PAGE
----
The goal of the C100 is to support Canadian technology entrepreneurship, and over the past several years they’ve held events like 48 Hours in the Valley and the C100 CEO Summit, both of which bring Canadian tech entrepreneurs to the Valley to learn from local investors and tech leaders. But this time they brought the Valley north of the border, and brought one of tech’s most successful founders with them.
The event was held at the new Mattamy Athletic Centre on the site of the old Maple Leaf Gardens, and kicked off with an interview with Kobo founder Mike Serbinis. Canadians know Kobo as one of the biggest exits of the last couple years, with Japanese firm Rakuten snapping up the e-reading player for $315 million in 2011. Serbinis chatted about the company and why he decided to be a David against the existing Goliath Amazon, but he spent more time talking about the road that led him to Kobo. Turns out Serbinis had quite a wild ride, between founding a company with Elon Musk and Musk’s brother after meeting them at Queen’s University in Kingston, to finding a co-founder for his second business by spilling coffee on them at a cafe.
As a counterpoint to Serbinis’ hundred-million-dollar exits, next up was TOUncovered, a new startup showcase that let two early-stage entrpreneurs pitch their big idea. Finmaven was first to demo, with founder Dmitriy Mitchev outlining how the platform lets investors get insight on capital markets from social media data. Next up was Karl Martin from Bionym, which recently debuted the Nymi band. If you saw Apple’s recent iPhone 5S release, you know that biometrics will be a big trend moving forward, and based on the pre-orders for the Nymi, the product will be in high demand.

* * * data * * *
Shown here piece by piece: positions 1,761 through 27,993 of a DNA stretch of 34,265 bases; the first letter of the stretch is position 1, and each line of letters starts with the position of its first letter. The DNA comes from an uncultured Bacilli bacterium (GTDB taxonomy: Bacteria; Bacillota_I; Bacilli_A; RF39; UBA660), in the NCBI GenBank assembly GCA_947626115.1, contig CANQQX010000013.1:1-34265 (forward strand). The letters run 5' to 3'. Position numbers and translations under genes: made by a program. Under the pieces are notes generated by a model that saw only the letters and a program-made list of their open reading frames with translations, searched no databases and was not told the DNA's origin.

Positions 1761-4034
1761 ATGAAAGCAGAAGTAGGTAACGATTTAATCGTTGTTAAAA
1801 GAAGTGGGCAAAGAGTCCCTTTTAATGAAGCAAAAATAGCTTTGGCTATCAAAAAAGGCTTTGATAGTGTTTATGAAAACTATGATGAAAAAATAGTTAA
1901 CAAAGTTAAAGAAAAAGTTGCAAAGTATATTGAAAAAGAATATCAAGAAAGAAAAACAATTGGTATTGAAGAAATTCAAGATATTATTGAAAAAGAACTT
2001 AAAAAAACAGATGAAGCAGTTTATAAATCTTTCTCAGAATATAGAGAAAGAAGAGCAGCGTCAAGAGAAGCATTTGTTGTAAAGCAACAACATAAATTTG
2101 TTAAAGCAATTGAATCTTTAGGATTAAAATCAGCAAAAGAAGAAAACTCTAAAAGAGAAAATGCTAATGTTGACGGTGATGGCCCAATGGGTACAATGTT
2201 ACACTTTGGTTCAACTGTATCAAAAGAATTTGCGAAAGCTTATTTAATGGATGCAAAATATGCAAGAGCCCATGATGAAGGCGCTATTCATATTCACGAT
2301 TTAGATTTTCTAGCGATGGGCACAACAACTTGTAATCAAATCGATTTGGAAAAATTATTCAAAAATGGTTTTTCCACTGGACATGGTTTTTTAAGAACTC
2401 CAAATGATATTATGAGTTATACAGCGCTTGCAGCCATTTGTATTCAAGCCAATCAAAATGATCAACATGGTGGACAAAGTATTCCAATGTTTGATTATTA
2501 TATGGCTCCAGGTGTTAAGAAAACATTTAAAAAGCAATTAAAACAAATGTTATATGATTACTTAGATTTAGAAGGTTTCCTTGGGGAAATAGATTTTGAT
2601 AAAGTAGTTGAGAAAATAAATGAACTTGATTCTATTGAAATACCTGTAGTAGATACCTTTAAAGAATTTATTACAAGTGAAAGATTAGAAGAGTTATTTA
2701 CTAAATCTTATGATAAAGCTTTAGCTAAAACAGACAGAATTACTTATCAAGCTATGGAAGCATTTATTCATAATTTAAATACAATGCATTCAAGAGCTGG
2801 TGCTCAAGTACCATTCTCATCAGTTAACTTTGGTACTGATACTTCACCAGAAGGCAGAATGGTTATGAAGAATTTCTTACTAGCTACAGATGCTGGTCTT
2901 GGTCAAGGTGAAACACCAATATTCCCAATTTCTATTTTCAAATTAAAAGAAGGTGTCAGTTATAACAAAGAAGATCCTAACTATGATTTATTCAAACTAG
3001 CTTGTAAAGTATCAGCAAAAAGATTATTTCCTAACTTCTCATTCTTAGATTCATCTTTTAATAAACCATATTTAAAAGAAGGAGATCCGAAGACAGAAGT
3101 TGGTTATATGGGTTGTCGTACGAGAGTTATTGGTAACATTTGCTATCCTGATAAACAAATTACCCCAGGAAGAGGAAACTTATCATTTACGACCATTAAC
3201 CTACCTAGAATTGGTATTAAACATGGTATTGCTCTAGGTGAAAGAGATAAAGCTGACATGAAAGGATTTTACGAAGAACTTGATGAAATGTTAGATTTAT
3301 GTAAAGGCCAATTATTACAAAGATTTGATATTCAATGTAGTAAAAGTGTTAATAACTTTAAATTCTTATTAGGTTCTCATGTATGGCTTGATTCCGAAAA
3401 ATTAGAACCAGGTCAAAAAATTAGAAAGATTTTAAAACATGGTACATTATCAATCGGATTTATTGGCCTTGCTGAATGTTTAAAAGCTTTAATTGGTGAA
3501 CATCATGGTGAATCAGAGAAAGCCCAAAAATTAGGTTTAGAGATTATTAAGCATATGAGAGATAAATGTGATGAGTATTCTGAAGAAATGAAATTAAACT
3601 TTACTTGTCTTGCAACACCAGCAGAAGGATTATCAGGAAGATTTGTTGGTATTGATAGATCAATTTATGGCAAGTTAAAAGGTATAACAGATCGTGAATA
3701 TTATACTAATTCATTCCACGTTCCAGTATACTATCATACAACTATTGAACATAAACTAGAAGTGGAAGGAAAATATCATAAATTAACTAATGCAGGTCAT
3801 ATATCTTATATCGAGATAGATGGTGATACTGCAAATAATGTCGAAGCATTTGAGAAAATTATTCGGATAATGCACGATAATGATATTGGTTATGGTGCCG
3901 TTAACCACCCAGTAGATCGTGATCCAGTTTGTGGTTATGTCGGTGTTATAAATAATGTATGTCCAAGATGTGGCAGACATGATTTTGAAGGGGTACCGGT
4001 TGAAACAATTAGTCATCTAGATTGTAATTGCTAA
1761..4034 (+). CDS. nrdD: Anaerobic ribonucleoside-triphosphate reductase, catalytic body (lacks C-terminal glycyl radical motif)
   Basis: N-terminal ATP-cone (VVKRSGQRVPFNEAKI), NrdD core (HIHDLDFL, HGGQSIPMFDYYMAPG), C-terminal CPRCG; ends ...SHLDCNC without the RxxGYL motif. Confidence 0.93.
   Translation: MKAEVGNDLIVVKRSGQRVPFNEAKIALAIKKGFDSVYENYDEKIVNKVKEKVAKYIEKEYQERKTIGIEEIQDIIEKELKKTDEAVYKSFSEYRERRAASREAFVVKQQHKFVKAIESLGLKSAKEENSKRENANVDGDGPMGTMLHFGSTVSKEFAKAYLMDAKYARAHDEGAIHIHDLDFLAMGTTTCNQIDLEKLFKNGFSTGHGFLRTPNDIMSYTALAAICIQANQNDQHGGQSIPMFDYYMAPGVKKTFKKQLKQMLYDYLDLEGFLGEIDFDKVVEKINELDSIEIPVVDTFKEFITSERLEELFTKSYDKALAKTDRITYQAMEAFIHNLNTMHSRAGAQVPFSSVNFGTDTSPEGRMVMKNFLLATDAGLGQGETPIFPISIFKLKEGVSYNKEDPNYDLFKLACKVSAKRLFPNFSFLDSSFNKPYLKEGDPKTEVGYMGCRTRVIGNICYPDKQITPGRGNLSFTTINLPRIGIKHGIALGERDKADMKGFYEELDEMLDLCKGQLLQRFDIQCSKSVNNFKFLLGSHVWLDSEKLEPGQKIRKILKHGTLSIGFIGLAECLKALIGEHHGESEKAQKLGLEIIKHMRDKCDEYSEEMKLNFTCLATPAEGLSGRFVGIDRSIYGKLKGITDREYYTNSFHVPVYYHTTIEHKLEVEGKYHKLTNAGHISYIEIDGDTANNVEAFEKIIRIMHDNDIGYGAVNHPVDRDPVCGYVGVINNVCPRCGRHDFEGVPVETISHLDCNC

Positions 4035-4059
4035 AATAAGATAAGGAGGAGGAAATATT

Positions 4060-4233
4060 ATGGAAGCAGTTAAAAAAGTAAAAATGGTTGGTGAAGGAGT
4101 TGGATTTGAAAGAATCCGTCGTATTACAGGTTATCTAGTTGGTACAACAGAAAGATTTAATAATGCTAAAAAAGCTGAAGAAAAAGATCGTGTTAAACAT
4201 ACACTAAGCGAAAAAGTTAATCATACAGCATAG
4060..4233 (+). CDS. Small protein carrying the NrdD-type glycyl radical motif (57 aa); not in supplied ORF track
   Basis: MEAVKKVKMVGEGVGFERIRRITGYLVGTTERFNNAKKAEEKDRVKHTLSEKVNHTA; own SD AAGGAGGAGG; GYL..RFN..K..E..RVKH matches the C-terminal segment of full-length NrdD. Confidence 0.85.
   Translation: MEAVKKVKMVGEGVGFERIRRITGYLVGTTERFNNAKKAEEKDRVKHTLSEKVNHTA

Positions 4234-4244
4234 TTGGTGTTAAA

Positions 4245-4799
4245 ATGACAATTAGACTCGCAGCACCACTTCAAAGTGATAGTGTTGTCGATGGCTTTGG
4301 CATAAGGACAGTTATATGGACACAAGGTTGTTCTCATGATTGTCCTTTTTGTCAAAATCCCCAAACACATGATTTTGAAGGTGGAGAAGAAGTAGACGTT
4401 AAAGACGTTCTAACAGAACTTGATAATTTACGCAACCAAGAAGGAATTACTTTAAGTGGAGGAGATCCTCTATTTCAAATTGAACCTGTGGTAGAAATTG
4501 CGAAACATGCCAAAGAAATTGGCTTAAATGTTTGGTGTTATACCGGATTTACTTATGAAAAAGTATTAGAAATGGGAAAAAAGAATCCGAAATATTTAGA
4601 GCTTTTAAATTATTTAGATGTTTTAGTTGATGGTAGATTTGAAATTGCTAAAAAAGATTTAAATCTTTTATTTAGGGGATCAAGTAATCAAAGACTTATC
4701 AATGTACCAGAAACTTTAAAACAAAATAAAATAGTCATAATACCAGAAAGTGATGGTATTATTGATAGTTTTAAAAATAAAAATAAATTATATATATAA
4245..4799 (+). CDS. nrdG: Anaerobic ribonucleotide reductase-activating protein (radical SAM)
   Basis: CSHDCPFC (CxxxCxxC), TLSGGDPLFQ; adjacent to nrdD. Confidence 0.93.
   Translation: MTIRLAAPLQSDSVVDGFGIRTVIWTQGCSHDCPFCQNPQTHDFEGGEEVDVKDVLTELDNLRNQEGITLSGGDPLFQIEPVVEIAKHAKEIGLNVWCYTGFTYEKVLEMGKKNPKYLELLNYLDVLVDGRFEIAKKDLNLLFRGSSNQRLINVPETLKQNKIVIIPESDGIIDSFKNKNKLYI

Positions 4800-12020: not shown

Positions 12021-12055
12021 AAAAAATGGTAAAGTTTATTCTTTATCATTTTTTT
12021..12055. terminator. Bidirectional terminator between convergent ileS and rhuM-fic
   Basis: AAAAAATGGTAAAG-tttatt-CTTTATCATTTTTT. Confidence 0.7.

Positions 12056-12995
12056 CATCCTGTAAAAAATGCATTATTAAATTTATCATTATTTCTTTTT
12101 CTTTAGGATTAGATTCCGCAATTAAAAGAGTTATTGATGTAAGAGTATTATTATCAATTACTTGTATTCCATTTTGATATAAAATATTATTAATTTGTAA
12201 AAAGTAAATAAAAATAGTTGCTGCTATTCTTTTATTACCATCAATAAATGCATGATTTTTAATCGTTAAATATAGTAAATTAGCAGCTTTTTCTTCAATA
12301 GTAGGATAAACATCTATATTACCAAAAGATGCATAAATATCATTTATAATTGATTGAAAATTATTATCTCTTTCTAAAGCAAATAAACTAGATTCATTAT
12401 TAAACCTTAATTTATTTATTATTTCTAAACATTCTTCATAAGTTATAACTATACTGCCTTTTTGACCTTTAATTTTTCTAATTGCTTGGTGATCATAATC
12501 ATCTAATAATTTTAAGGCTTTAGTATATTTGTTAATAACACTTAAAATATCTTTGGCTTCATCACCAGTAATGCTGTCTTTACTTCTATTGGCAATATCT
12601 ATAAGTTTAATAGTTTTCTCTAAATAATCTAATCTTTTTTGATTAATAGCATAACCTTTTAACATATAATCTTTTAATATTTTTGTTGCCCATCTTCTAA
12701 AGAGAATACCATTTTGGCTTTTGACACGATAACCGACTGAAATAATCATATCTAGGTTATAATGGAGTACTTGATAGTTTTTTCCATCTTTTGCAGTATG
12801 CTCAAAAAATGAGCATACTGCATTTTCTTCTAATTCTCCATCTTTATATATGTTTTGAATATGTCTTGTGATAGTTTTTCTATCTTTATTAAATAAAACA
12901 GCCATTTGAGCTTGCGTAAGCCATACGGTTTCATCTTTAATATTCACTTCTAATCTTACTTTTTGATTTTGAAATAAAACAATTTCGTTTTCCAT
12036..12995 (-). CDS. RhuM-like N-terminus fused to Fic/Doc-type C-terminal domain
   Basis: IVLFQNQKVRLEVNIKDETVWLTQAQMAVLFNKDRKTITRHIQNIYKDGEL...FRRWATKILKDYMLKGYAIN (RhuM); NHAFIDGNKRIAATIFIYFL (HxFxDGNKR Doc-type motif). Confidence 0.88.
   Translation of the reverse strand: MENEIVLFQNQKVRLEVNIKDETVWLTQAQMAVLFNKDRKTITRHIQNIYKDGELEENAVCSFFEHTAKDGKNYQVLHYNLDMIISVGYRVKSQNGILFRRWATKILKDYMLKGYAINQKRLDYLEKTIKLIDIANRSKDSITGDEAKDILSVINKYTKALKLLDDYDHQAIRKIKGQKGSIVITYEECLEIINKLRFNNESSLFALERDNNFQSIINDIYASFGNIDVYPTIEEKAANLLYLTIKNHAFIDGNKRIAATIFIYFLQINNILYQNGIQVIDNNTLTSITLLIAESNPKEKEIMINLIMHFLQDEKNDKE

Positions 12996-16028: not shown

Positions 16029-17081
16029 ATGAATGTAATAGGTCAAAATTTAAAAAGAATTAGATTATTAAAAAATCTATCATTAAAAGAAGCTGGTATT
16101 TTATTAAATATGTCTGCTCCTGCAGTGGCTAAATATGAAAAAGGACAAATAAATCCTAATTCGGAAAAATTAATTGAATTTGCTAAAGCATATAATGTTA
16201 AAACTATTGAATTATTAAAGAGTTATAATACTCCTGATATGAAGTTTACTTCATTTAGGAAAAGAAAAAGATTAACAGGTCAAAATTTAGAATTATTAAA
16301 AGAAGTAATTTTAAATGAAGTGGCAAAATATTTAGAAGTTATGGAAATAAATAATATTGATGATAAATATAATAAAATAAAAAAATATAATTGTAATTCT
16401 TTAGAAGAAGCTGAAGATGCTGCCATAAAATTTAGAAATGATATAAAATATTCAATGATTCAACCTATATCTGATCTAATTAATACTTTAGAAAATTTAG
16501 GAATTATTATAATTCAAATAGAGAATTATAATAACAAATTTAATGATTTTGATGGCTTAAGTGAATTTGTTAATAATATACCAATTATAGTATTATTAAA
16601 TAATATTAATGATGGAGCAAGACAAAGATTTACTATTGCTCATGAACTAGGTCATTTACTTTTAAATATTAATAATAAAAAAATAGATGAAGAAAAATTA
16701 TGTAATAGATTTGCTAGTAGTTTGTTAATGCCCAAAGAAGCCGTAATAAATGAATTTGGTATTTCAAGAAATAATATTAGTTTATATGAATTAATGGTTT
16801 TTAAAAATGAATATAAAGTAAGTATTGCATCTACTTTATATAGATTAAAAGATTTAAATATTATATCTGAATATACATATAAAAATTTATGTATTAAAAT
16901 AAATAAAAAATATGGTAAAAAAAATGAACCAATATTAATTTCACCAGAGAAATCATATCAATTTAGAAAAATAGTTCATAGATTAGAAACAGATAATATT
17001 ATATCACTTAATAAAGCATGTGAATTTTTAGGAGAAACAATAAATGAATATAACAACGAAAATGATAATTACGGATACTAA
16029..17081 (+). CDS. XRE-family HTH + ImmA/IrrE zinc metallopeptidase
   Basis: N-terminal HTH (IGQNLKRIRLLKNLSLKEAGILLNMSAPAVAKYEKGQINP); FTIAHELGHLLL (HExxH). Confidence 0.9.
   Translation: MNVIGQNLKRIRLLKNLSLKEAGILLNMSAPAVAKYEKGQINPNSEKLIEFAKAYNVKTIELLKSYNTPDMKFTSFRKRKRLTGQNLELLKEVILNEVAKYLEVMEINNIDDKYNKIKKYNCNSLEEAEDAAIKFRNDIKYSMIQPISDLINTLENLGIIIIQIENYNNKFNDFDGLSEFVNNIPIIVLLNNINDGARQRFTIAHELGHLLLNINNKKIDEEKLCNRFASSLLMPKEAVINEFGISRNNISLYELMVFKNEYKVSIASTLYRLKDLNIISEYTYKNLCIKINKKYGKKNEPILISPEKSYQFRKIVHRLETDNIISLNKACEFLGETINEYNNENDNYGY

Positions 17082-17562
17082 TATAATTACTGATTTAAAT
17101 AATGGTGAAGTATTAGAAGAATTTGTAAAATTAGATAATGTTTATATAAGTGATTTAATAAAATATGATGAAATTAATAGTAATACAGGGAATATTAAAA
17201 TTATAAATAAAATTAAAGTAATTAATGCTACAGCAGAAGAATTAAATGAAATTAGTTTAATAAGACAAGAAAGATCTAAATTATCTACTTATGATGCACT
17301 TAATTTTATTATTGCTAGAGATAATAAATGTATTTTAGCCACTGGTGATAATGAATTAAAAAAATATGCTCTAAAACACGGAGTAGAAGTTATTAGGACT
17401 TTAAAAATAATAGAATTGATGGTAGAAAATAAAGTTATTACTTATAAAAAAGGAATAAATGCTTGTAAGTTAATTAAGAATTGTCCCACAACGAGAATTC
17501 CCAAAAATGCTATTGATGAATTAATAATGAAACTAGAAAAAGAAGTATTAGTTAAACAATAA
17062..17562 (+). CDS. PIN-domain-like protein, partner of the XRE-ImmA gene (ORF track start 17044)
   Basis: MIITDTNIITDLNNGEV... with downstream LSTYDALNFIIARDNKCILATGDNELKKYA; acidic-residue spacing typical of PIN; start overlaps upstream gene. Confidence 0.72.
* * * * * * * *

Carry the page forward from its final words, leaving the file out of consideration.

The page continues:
Toronto hasn’t spawned a Twitter, Facebook, or LinkedIn (yet), so that’s why it was so exciting to have Twitter co-founder and Square founder Jack Dorsey as the main keynote. Jack is a founder of mythic proportions: behind one of the services that changed the way our world communicates, which now has over 200 million members and recently announced its intentions to go public. And now he’s changing the way our world pays for goods and services, with Square launching in Canada almost a year ago, and planing to open an office in Waterloo next year. As Jack said yesterday, technology is his paintbrush of choice, with Twitter as a canvas for communications, and Square a canvas for commerce.
We learned a lot during Jack’s conversation with C100 co-founder Chris Albinson: that he used to have a nose ring, that he charged Ron Conway’s black Amex $500 to see a demo of Square, that he almost called Square “Squirrel” (complete with acorn-shaped dongle), and that the Golden Gate Bridge in San Francisco inspires him both personally and professionally.
But the biggest takeaway I had from his talk was his explanation of his role as the CEO of a growth startup. He said he has three main day-to-day priorities: the team, and making sure the people are a fit; the product, and making sure they tell the right story to the world; and the money, to make sure there’s enough in the bank to drive growth. To me those three priorities could be the same for someone leading a team of 7 people like me, or to someone leading a team of thousands.
I know AccelerateTO made me excited to be part of the startup industry in Toronto, and I hope everyone else who attended, watched, and supported enjoyed it just as much. Next step: Mark Zuckerberg in the hot seat. If anyone can swing it it’s the C100!